No. Where the new information charges an offense which is distinct from that initially charged, a substitution is in order, which results in the dismissal of the original information, the conduct of another preliminary investigation, and another arraignment under the new information.
A change in the designation of the offense as found in the caption of the information constitutes a mere formal amendment and not a substantial amendment or a substitution of the original information. Apart from the caption containing the designation of the offense, no other change was made regarding the recital of facts which constitute the offense charged or determine the jurisdiction of the court.
PEOPLE OF THE PHILIPPINES v. ARMANDO CHINGH y PARCIA
G.R. No. 178323, March 16, 2011, Peralta, J.
When two or more offenses are charged in a single complaint or information but the accused fails to object to it before trial, the court may convict the appellant of as many as are charged and proved, and impose on him the penalty for each offense, setting out separately the findings of fact and law in each offense.
Armando, in an information, was being charged with two offenses, rape under paragraph 1 (d), Art. 266-A of the RPC, and rape as an act of sexual assault under paragraph 2, Article 266-A. Armando was charged with having carnal knowledge of VVV, who was under 12 years of age at the time, under paragraph 1 (d) of Article 266-A, and he was also charged with committing an act of sexual assault by inserting his finger into the genital of VVV under the second paragraph of Article 266-A. The prosecution sought to establish that Armando inserted his penis, and also his finger in VVV’s private part.
Whether Armando can be convicted two offenses in one information
Yes. The information has sufficiently informed accused-appellant that he is being charged with two counts of rape. Two offenses were charged, which is a violation of Section 13, Rule 110 of the Revised Rules of Criminal Procedure, which states that “[a] complaint or information must charge only one offense, except when the law prescribes a single punishment for various offenses.” Nonetheless, since Armando failed to file a motion to quash the information, he can be convicted with two counts of rape according to Section 3, Rule 120 of the Revised Rules of Criminal Procedure.
VENUE FOR CRIMINAL ACTIONS
VICENTE FOZ, JR. and DANNY G. FAJARDO v. PEOPLE OF THE PHILIPPINES
G.R. No. 167764, October 9, 2009, Peralta, J.
Jurisdiction of a court over a criminal case is determined by the allegations of the complaint or information, and the offense must have been committed or any one of its essential ingredients took place within the territorial jurisdiction of the court.
A libel case was filed by Dr. Portigo against the petitioners at RTC Iloilo. In the information, it was alleged that Dr. Edgar Portigo is a physician and medical practitioner in Iloilo City and the alleged libelous article against him was written in Panay News, a daily publication with considerable circulation in the City of Iloilo and throughout the region. The RTC found the petitioners guilty. The CA affirmed. In their petition to the SC, petitioners raise for the first time the issue that the information charging them with libel did not contain allegations sufficient to vest jurisdiction in the RTC of Iloilo City.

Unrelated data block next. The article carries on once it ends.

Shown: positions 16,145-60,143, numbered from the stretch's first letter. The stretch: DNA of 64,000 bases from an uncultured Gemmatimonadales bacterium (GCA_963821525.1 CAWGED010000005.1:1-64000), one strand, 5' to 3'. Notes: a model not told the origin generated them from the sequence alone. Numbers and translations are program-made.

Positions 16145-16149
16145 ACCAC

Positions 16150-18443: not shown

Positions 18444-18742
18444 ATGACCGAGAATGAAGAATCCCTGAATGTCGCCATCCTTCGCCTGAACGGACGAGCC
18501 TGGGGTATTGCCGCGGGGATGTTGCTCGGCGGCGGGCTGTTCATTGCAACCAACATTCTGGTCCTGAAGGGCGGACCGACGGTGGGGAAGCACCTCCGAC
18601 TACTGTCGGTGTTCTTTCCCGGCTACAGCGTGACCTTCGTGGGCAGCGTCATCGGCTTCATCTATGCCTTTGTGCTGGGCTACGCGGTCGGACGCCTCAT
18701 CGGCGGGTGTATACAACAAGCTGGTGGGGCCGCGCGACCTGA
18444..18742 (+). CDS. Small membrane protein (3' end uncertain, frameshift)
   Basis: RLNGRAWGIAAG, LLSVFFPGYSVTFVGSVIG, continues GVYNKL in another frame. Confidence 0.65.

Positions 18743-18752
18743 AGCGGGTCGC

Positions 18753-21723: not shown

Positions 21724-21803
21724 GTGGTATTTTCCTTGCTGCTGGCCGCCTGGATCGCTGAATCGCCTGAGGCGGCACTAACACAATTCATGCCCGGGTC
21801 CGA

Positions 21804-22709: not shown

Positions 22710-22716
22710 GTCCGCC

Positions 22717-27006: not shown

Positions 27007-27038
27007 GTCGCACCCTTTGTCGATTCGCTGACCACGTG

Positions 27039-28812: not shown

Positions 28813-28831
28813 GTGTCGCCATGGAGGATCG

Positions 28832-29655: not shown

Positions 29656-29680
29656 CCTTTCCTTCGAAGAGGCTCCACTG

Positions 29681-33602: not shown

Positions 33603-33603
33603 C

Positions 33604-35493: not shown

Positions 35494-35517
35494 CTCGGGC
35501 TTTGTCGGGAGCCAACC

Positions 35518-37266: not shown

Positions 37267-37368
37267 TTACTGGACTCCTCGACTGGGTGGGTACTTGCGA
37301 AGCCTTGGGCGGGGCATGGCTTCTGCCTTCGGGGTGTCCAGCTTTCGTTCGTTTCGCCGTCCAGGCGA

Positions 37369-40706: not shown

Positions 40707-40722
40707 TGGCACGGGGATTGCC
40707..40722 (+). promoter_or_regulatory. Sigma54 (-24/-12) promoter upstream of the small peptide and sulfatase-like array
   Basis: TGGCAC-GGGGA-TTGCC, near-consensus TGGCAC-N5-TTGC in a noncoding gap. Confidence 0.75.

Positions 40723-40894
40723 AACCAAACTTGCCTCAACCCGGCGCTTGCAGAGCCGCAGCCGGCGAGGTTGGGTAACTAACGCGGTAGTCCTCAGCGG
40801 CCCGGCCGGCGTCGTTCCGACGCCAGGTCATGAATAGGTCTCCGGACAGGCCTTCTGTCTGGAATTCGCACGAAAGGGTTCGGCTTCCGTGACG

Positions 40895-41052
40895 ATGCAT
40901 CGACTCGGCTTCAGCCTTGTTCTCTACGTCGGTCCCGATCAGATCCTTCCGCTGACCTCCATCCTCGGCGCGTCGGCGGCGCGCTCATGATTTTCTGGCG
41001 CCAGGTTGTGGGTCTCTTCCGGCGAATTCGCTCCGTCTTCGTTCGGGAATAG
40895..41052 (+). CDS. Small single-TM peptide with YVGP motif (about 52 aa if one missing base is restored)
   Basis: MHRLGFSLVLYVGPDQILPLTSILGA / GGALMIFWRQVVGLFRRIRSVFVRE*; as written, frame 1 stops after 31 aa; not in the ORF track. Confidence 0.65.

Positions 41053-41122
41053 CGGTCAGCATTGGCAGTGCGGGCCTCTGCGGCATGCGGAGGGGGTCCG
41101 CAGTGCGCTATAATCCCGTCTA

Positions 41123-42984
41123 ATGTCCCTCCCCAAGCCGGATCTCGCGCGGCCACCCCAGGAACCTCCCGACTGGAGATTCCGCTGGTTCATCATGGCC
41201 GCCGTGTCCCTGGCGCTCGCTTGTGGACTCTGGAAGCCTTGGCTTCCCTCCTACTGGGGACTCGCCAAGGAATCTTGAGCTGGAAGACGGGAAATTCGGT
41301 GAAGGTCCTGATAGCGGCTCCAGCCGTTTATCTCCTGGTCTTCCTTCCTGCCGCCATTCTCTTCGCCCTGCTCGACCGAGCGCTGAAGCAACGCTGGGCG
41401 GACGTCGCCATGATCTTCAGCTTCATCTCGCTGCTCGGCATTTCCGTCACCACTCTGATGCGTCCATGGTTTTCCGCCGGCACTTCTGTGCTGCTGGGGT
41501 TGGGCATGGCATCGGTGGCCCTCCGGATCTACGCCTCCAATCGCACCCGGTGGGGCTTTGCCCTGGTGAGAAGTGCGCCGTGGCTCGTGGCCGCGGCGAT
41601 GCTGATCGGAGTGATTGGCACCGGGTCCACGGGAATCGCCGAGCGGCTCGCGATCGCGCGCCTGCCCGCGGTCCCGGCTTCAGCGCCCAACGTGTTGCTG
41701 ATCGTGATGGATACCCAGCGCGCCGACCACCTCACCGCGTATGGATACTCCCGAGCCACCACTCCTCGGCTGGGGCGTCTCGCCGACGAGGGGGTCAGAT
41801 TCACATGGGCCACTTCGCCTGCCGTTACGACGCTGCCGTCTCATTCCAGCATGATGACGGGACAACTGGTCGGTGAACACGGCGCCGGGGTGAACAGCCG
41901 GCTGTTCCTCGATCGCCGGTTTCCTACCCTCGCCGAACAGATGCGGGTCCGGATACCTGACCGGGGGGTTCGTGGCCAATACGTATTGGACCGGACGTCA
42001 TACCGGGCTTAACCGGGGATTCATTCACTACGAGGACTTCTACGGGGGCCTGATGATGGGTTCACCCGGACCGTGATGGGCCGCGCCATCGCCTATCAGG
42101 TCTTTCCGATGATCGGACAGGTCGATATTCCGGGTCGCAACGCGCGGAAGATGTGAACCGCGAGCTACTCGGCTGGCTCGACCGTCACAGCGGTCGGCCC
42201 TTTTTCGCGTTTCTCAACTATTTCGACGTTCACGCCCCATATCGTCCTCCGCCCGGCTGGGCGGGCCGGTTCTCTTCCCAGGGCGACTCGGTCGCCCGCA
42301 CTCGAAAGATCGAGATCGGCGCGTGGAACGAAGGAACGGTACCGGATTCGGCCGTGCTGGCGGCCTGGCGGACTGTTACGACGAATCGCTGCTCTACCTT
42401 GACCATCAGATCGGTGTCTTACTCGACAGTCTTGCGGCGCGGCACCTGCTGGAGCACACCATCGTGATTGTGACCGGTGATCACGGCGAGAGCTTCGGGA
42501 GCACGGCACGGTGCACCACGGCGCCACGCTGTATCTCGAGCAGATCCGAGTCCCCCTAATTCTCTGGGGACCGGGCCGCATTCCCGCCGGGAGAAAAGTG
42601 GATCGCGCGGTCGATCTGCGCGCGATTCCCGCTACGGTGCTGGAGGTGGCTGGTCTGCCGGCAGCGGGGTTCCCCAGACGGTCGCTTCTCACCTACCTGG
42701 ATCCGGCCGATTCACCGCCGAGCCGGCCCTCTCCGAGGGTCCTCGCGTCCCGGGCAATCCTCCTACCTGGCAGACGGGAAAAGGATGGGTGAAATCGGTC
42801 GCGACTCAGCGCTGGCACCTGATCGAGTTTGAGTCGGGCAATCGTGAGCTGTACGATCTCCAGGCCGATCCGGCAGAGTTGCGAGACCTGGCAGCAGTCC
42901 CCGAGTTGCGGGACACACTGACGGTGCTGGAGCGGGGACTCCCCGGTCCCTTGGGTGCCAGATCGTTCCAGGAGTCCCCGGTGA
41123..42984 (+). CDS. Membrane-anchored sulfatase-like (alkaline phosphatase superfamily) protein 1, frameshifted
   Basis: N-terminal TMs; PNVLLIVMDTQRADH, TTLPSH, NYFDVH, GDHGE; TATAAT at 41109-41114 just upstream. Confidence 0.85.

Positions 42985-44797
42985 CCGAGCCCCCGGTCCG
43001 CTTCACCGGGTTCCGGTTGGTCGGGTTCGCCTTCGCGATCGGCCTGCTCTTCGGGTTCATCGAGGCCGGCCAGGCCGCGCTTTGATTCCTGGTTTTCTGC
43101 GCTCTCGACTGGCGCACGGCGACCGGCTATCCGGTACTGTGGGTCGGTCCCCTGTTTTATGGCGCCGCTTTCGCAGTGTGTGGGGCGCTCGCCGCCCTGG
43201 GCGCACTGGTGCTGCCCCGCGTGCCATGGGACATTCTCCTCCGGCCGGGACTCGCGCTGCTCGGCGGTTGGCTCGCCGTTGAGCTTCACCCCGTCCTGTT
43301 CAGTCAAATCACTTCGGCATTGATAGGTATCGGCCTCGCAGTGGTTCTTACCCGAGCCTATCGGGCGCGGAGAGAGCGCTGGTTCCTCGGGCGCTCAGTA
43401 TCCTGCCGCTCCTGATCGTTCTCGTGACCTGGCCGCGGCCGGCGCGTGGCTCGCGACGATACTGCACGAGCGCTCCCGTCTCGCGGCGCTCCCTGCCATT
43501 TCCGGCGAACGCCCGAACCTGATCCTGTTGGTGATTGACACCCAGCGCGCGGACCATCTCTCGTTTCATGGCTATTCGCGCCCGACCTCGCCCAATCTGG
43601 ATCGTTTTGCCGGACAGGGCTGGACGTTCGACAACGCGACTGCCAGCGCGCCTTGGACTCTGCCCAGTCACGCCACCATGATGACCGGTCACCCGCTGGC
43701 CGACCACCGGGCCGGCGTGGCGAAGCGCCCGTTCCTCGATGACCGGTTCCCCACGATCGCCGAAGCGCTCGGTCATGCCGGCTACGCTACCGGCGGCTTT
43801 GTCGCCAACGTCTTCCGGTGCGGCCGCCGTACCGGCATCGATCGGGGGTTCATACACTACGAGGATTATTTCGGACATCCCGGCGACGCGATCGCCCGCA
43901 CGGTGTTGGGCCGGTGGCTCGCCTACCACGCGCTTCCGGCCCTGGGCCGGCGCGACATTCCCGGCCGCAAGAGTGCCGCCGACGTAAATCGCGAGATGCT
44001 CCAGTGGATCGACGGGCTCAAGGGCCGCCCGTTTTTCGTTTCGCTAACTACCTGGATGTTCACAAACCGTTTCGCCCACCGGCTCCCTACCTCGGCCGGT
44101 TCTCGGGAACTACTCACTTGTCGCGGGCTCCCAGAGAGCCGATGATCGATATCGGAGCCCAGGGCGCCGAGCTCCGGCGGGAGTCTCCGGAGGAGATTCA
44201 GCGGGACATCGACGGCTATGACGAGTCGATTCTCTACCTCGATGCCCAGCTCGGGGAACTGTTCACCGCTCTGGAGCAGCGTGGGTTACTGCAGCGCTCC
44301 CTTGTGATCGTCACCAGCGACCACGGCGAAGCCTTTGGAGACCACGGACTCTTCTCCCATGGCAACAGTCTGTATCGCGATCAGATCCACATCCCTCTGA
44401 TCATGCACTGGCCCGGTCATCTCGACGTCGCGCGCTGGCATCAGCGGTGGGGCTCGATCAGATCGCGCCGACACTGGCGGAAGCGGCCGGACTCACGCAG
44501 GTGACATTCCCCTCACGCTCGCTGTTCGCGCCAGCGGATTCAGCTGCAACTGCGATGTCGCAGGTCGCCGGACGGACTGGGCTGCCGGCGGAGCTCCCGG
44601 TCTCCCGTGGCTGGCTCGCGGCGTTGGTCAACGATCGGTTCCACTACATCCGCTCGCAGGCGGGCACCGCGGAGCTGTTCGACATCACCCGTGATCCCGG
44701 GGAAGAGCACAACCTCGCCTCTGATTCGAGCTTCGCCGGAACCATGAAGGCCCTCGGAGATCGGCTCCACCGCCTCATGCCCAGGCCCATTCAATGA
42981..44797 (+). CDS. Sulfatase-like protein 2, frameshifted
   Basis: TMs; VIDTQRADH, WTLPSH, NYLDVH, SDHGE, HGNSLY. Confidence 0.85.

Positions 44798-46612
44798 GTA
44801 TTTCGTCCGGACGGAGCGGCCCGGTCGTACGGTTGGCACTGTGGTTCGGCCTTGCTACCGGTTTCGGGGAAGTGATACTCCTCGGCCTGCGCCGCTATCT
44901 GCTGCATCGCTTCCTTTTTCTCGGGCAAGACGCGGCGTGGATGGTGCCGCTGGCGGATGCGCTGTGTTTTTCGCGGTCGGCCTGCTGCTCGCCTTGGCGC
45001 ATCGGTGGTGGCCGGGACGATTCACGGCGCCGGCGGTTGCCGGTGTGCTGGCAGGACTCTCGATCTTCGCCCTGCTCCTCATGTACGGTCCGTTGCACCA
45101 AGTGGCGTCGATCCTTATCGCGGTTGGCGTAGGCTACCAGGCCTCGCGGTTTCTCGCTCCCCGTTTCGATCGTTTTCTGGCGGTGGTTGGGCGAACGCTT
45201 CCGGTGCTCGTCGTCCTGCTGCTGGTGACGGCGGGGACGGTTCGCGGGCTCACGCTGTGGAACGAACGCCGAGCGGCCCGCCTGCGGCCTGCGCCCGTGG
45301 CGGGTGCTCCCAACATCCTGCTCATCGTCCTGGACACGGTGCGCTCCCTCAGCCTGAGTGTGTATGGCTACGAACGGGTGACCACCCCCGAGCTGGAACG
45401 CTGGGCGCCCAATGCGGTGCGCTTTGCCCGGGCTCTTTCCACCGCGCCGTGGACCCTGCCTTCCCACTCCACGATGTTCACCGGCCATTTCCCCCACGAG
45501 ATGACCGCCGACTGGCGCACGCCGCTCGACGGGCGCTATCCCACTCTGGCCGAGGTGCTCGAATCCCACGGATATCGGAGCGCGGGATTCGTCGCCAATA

Whether the RTC of Iloilo City, Branch 23 had jurisdiction over the libel case
No. Considering that the information failed to allege the venue requirements for a libel case under Art. 360 of the RPC, the RTC of Iloilo City had no jurisdiction to hear this case.The criminal action and civil action for damages in cases of written defamations shall be filed simultaneously or separately with the CFI of the province or city where the libelous article is printed and first published or where any of the offended parties actually resides at the time of the commission of the offense.
The allegations in the information only showed that Iloilo was the place where Panay News was in considerable circulation but did not establish that the said publication was printed and first published in Iloilo City. Also, while the information alleges that Dr. Edgar Portigo is a physician and medical practitioner in Iloilo City, such allegation did not clearly indicate that he was actually residing in Iloilo City at the time of the commission of the offense. It is possible that Dr. Portigo was actually residing in another place.
MARY ROSE A. BOTO v. SENIOR ASSISTANT CITY PROSECUTOR VINCENT L. VILLENA, CITY PROSECUTOR ARCHIMEDES V. MANABAT and ASSISTANT CITY PROSECUTOR PATRICK NOEL P. DE DIOS
A.C. No. 9684, September 18, 2013, Mendoza, J.
Jurisdiction is conferred by law and is not within the courts, let alone the parties themselves, to determine or conveniently set aside.
An information was filed charging Boto with libel before the MeTC. Before the scheduled arraignment, she filed a motion to quash the information on the ground of lack of jurisdiction as the crime of libel falls within the exclusive jurisdiction of the RTC and that there was no such crime as internet libel. Villena, the trial prosecutor, opposed the motion to quash and contended that the court had already determined probable cause when it issued the warrant of arrest, effectively mooting the resolution of any issue concerning jurisdiction, venue and sufficiency of evidence against the complainant.